An online Emily Dickninson archive offering thousands of pages of her work was launched Wednesday. The website, edickinson.org, is the first to bring the papers of Harvard University, Amherst College, the Boston Public Library and five other institutions to a single online treasure trove, where images of her manuscripts can be searched, browsed and zoomed in on.
Any time an expansive collection of an esteemed poet's work is made more widely accessible, it's cause for celebration. However Dickinson's legacy makes it an even more special case. Only 10 of her poems were published in her lifetime in the traditional sense, though scholars have explored the idea that many letters she sent that often contained her poetry merits its own distinction of publishing.
And in these letters and other original manuscripts now available online, every detail – every pen scratch, every erasure mark -- is worth examining, experts say.
"It makes quite a difference for them to be able to examine what a poet might have labored through and end up with what we receive as a poem," says Martha Nell Smith, a University of Maryland English professor and an early champion of digitizing Dickinson's oeuvre.
Furthermore, Dickinson was known to organize her poetry in collections known as fascicles, and take other artistic measures in show she presented them.
"She had so little control over the published versions of poetry at the same time that she exercise such strong creative control over the manuscripts as she arranged them," says Dana Luciano, a Georgetown University professor who will be teaching a Dickinson class in the spring.
For instance, a poem like "A poor - torn heart – a tattered heart" – which printed in plain text looks to be a simple poem about heartbreak – takes on a satirical edge when one sees how Dickinson first sent it to her sister-in-law Susan Huntington Dickinson, with cheesy, curiosity shop images attached. "It is sort of making fun of the 19th century convention that sentimental women is broken hearted, that must be why she's writing," Smith says.
Adornments like these and other decisions Dickinson made -- spelling, grammar, line break and punctuation choices – were often left out or altered in early, posthumously published editions of her works in an effort to "clean up" her poetry. The archive presents an opportunity to compare how her works were changed at every stage of reproduction.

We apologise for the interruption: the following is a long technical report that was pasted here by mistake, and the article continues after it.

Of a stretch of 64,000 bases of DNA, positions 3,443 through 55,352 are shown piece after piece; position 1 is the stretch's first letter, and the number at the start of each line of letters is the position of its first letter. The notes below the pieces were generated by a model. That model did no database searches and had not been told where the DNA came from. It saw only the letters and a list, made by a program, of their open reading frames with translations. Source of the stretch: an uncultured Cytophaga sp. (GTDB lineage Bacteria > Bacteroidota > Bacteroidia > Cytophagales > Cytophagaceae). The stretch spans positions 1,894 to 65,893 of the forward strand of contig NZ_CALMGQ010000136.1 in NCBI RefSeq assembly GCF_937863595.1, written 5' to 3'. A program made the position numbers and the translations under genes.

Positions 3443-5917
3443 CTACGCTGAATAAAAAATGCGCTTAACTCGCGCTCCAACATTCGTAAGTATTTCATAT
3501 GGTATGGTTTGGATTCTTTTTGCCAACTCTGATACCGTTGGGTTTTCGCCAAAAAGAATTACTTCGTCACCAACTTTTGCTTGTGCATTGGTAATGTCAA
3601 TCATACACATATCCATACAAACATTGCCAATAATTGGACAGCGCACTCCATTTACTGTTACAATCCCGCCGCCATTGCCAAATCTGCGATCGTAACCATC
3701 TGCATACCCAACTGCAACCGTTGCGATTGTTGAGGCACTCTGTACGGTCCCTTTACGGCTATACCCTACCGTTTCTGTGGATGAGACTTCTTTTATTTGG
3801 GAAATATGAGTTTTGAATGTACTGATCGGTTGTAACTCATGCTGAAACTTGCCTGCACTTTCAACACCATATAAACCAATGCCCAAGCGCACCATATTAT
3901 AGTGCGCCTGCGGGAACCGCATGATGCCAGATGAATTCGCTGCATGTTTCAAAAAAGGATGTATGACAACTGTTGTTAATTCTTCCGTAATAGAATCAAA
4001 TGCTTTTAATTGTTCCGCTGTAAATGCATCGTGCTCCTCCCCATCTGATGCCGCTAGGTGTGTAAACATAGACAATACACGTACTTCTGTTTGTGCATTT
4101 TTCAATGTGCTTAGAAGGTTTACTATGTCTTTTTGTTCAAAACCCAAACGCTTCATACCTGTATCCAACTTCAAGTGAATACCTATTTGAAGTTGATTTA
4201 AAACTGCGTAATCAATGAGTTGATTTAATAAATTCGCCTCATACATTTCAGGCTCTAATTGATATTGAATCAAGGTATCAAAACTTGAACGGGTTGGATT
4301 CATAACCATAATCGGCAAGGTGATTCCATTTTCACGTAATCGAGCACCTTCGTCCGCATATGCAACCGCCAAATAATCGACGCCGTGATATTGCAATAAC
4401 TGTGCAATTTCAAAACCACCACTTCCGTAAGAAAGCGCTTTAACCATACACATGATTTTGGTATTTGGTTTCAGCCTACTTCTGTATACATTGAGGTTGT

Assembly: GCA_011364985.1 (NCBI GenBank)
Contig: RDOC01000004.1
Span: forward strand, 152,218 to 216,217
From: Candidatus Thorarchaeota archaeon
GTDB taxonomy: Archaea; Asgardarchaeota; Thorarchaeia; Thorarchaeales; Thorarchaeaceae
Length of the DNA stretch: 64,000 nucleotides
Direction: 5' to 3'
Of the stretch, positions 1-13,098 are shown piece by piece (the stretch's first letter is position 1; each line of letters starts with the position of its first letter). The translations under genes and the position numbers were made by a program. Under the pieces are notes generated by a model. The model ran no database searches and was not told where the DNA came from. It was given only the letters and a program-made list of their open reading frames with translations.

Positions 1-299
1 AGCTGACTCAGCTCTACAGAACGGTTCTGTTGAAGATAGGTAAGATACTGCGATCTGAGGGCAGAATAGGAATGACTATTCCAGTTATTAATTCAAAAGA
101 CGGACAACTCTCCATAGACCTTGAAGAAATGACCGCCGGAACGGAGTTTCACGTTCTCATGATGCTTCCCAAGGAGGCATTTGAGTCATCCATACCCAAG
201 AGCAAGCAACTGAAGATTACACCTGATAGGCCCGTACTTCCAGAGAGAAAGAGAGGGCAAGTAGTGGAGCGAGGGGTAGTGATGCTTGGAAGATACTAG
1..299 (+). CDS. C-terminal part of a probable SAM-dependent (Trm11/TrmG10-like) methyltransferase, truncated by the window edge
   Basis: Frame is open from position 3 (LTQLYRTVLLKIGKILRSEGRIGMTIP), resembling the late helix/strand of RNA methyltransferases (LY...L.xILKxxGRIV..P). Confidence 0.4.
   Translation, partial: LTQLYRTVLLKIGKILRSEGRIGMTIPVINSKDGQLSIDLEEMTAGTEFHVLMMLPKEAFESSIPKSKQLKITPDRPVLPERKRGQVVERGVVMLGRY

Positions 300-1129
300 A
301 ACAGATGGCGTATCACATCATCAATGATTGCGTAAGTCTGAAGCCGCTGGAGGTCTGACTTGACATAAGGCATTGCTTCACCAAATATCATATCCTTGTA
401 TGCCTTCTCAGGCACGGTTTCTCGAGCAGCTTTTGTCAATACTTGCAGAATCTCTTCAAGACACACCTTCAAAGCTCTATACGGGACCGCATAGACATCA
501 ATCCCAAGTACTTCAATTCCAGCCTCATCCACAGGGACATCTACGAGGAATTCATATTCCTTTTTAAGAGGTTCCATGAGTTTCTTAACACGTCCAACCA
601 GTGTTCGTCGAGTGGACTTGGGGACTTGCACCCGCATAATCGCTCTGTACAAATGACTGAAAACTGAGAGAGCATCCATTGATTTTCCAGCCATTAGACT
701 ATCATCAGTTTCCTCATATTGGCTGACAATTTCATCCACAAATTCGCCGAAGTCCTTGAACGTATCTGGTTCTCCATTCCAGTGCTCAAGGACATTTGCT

But more than just a tool to access the manuscript, the archive is work in itself for scholars to study and discuss.
"I want to use the archives and teach the archives actually as a document," Luciano says. "I want to think about the way particular versions of Emily Dickinson are produced every time we try to produce an account of Dickinson's work."
The launch of edickinson.org has also brought about a discussion, with extra scrutiny paid to Harvard's contributions. The school is only offering the manuscripts and letters its identified to be associated with the poems of the 1998 Harvard University Press-published Ralph Franklin anthology, a decision other scholars have criticized.
"It's fabulous that the manuscripts of Harvard that have been identified as poems are now online," says Smith, who served on the advisory board managing the launch of edickinson.org. "That doesn't mean that I don't think that it's an unproblematic archive."
The project also appears to have exacerbated a long-held rivalry between Harvard and Amherst, the other major holder of Dickinson's works, with Amherst officials suggesting Harvard pushed them out of the process.
Those who don't know Dickinson well may think of her as a lonely recluse who spent her life pent up in her Massachusetts home, perhaps adding a tinge of irony that much of work is now freely accessible to anyone with an Internet connection. But it's a reputation those who have studied her work are quick to dismiss.